No. 107 Squadron (RAF): Second World War

Aircraft - Locations - Group and Duty - Books

At the start of the Second World War No.107 Squadron was a light bomber squadron, equipped with the Bristol Blenheim. It was one of the few bomber squadrons to begin active operations in 1939, taking part in the attack on Wilhelmshaven on the second day of the war.

The squadron was then involved in the fighting in Norway (April 1940), before taking part in the desperate attacks on German columns during the Battle of France. After the fall of France No. 107 Squadron took part in the attack on German invasion barges.

In March 1941 the squadron moved to Scotland and to Coastal Command, and spent the next two months carrying out anti-submarine patrols and attacks on German shipping in the North Sea, before returning to Bomber Command and to Great Massingham in Norfolk.

In August 1941 the squadron's Blenheims flew out to Malta, from where they attacked Axis targets in Italy, Sicily and North Africa. This lasted until 9 January 1942 when the surviving aircraft were withdrawn, and the detachment was dissolved.

In the same month the squadron began to receive Boston bombers back at Great Massingham, and in March operations from Britain resumed. For the next two years the squadron attacked German airfields and transport targets in occupied Europe.

The squadron's final chance of duty came in February 1944 when it received the Mosquito FB.VI, and began to fly night intruder missions over Germany and occupied Europe. The squadron moved to Cambrai in November 1944, and remained there until the end of the war, still performing its night intruder duties. For three years after the war the squadron was part of the occupation force in Germany, before being renumbered as No. 11 Squadron in 1948.

August 1938-May 1939: Bristol Blenheim I
May 1939-January 1942: Bristol Blenheim IV
January 1942-February 1944: Douglas Boston III and IIIA
February 1944-September 1948: De Havilland Mosquito FB.VI

11 May 1939-3 March 1941: Wattisham(Suffolk)
3 March-11 May 1941: Leuchars (Fife, Scotland)
11 May 1941-20 August 1941: Great Massingham (Norfolk)
20 August 1941-12 January 1942: Luqa (Malta)
January 1942-1 August 1943: Great Massingham
1 August 1943-3 February 1944: Hartfordbridge
3 February 1944-30 October 1944: Lasham
30 October-19 November 1944: Hartfordbridge
19 November 1944-3 July 1945: A.75 Cambrai/ Epinoy (France)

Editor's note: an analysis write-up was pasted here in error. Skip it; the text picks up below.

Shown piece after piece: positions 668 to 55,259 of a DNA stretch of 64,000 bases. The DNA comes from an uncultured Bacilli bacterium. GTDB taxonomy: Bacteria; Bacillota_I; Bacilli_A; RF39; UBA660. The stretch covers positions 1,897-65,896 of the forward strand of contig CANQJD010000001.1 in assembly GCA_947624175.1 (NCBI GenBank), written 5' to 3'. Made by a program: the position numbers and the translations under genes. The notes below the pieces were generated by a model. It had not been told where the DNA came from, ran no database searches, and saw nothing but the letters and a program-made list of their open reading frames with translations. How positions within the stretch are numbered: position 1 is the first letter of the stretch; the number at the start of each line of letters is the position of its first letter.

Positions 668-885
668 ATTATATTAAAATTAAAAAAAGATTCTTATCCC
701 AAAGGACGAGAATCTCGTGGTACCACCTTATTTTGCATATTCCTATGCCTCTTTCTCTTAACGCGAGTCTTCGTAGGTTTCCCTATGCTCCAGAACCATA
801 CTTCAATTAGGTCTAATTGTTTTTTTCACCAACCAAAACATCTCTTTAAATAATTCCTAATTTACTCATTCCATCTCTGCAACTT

Squadron Codes: BZ, OM

Group and Duty
26 September 1939: Bomber squadron with No.2 Group, 83 Wing Force
March-May 1941: Coastal Command
August 1941-January 1942: Aircraft to Malta
January 1942-January 1944: Bomber squadron
February 1944- : Night intruder with Mosquitoes


Bomber Offensive, Sir Arthur Harris. The autobiography of Bomber Harris, giving his view of the strategic bombing campaign in its immediate aftermath. Invaluable for the insights it provides into Harris’s approach to the war, what he was trying to achieve and the problems he faced. Harris perhaps overstates his case, not entirely surprisingly given how soon after the end of the war this book was written (Read Full Review)
cover cover cover
 Mosquito Fighter/ Fighter-Bomber Units of World War 2, Martin Bowman. The second of three books looking the RAF career of the Mosquito covers its use as a night fighter, first on the defensive in the skies over Britain, and then as an intruder over Occupied Europe and Germany, and finishing with a look at the "Mosquito Panic" [see more]
cover cover cover
Blenheim Squadrons of World War Two, Jon Lake. This book looks at the entire RAF service career of the Bristol Blenheim, from its debut as a promising fast bomber, through the deadly disillusionment of the blitzkrieg, on to its work in the Middle East and Mediterranean, where the aircraft found a new lease of life. Lake also looks at the use of the Blenheim as an interim fighter aircraft and its use by Coastal Command.
cover cover cover

Bookmark this page: Bookmark with Delicious  Delicious  Bookmark with Facebook  Facebook   Bookmark with StumbleUpon  StumbleUpon

How to cite this article: Rickard, J (24 March 2007), No. 107 Squadron (RAF): Second World War,

Help - F.A.Q. - Contact Us - Search - Recent - About Us - Privacy